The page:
Today I was running late to meet a dear friend, waiting for me in her home high on the hill. I took a bus and got off as close as I could, but it was still a long way up. After fifteen minutes I'd passed maybe three blocks and was sweating rivers underneath my clothes. A yellow cab turned the corner and my body's instant reflex was to wave like a madwoman.
Slid into the passenger side, told the driver the street name and immediately started rummaging for money because I'm sorry to report, I was a little curious if I had any. Phew! A ten euro bill! And as the relief washed over me he stopped the car and looked at me.
"This is your street."
But oh no! He'd passed my fair lady's house, who knows how far back. I gave him a withering look and told him so in a kind of "man, I'm a moron" way, but prepared to get out regardless. He stopped me and did a u -ee, meandering back and forward through the maze of one ways and hairpin turns until he arrived squarely at her front door. Amazing where you can get in this world by paying attention to what's going on outside of the window. Exactly where you wanted to be!
Proudly presenting my ten, he shook his head and asked for smaller change.
"Den Eho." I don't have it.
I pulled out of my pocket a sorry little two euro coin. "See?"
He nodded and took it, giving me a salute.
I'm recording this story because Athenian cab drivers have the reputation somewhere slightly above Enron executives and kitten killers. You might recall a few times in this here long string of thoughtless ranting where I've said exactly what I think of them, but this man went out of his way to get me where I wanted to be and took under the minimum for his fee. You know why? He's human, and that is something I would like to emphasize about the country of Greece, and even the city of Athens.
Homeless people flock here because the weather is good and because Greek people are kind to strangers. Note, I'm not implying they're going to be warm and sweet. I said kind. What I mean by that is that they may not offer food, lodging or work with a smile, but they offer it. Not on a Non-profit, mass organized social program sort of way, but one human being to another.
The gypsies are notorious for begging at restaurants. Time and time again I brush them away, only to watch the table next to me either drop a few coins or offer them their leftover plate of food. I grew up with a line of thinking that these people should be doing something else to raise their family. Get a job, go to a church or a center where folks are trained and equipped to deal with these "people," anything, anything except ask for a handout.
I think Americans, and maybe even moreso, Texans, poo poo asking for money. We're supposed to be able to stand on our own feet, no matter the grueling tasks that it takes to do so. Stand against a tree and be shot for robbing a bank before you ask for a handout. Here, I think they see things a little differently. Maybe it's residual from all of those stories of gods in disguise, but desperation is recognized and pitied.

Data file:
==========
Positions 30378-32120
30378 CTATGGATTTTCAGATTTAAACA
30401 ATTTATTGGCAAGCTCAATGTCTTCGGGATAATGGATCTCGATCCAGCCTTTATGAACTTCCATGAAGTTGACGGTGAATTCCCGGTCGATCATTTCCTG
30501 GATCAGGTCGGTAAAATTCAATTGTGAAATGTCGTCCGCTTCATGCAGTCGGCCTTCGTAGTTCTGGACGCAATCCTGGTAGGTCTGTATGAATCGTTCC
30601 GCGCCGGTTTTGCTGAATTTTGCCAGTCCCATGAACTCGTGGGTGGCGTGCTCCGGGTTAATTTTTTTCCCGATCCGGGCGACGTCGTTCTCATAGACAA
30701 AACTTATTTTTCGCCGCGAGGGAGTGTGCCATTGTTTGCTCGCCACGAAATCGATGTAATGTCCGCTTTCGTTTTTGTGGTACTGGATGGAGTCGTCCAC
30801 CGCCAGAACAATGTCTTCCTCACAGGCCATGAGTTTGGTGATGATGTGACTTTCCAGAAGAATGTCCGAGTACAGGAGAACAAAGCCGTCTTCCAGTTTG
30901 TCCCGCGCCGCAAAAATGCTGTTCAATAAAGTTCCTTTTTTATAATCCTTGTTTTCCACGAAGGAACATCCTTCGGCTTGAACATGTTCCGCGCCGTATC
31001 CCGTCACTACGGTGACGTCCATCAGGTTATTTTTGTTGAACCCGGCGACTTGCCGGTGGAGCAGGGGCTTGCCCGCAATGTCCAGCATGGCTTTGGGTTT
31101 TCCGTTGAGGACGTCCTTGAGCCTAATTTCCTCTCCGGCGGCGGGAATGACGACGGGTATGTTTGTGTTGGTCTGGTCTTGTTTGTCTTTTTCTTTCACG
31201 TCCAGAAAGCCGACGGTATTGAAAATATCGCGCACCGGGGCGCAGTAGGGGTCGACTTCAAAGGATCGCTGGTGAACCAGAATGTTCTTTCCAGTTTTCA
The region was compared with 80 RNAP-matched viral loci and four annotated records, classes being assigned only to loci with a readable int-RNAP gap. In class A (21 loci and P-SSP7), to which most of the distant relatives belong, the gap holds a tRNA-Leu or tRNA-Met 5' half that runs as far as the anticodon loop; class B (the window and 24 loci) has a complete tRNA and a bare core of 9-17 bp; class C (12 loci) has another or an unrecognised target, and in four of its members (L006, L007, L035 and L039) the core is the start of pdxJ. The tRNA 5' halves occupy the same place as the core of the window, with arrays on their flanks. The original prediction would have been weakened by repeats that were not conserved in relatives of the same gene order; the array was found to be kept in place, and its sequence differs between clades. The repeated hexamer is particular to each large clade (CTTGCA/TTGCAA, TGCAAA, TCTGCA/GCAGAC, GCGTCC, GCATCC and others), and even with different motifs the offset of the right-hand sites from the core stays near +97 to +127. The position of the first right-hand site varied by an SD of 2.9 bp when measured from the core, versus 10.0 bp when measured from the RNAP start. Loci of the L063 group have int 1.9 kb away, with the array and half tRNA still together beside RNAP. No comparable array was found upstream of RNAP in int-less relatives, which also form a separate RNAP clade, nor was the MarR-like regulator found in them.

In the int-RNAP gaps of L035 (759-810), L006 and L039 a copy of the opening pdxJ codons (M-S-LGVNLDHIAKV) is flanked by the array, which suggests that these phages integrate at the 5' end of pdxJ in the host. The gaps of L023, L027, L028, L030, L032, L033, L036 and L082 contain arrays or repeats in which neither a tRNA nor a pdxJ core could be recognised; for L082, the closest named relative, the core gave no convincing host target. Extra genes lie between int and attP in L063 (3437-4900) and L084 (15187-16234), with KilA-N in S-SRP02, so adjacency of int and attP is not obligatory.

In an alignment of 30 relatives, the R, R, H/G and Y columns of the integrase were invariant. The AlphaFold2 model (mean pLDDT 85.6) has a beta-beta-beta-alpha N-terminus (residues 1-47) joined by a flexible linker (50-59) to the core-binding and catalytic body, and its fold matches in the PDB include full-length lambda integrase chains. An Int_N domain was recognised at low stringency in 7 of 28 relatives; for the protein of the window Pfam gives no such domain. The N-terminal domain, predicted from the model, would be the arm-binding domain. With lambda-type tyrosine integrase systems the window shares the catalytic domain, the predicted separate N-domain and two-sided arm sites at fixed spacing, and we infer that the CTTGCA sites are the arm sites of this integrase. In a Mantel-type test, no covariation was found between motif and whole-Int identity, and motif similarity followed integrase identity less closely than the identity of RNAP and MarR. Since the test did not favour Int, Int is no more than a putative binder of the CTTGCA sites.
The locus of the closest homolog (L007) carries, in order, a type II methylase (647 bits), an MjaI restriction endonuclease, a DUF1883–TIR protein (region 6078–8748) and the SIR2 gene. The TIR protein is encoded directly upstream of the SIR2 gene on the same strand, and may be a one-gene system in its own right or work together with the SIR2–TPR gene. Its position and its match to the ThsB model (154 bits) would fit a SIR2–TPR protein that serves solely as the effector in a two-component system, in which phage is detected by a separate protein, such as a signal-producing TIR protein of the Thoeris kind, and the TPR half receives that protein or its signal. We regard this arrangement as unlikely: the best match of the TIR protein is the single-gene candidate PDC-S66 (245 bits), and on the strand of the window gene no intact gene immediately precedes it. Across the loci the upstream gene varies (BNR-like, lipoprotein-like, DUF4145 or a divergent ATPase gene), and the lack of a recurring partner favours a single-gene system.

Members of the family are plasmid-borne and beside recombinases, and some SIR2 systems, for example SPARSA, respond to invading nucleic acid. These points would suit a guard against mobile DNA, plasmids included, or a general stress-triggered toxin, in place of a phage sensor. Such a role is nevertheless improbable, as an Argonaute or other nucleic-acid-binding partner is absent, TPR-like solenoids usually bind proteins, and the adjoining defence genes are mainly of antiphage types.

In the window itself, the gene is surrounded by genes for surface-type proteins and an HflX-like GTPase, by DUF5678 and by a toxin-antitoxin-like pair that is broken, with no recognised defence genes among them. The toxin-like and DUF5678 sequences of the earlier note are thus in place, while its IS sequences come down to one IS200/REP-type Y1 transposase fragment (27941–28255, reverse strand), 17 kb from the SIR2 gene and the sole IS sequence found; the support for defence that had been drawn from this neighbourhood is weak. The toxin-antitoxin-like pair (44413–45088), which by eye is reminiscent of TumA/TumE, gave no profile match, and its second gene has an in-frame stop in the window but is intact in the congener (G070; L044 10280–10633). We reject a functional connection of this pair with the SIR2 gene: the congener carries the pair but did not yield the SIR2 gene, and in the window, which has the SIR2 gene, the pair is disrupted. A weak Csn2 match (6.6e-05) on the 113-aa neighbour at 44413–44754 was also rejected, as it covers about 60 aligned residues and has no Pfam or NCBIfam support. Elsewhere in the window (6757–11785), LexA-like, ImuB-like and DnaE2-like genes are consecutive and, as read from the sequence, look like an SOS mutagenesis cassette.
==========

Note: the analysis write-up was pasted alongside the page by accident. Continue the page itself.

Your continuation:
But it's not just about money, either. Once inside my friend's house, seated on two wingback chairs in front of a fan, the conversation turned to corporal punishment and the death penalty. I lamented that Texas has more often than not won the belt for most executions. She remembered that the guillotine was used into the 1950's. How strange that two of the world's most advanced nations would still be so primitive in their handling of criminals?
"I don't think the Greeks ever had public executions," she said without conviction.
"Oh but they have!"
She didn't believe me, so I reported a story I'd read, written by a traveler in the 1800's who had watched one of the rare executions in Athens. It was instituted by the Bavarian King, I believe, and the prisoner was lead freely to the place where he was to be beheaded. Half way down he started fighting with the executioner. The people were cheering for the criminal! He was eventually restrained, the deed was done, and the audience plotted on how they would kill the man who gave the blow.
She clapped her hands in delight. "That's them! That's the Greeks. The rebels."
Stray dogs and cats are fed here. People invite their neighbors over to watch football or eat the oversupply of supper. Items are purchased on the credit of one's character; no plastic involved. Even the arrogant policemen have been spotted letting illegal immigrants get off on a "Don't let me see you here again" kind of imaginary warning.
It's called Φιλοτιμο, filotimo, and is a word that doesn't exist in any other language. The closest we can get to translation is "earnestness" combining the words "filo" or "friend" and "timo" or "honor," but the only way to understand it is to see it in 3-D. You see it every time someone is being helped.
I've been told, and to some degree I've experienced that it doesn't mean the person who was kind to you one day isn't capable of turning around and screwing you the next, but the point of all of this is to say that Greece is a human country. People still count. It's why they're so angry, so even if it's a tad annoying, the strikes, the rallies, the irregular visiting hours, it is part of the package.Take it or leave it.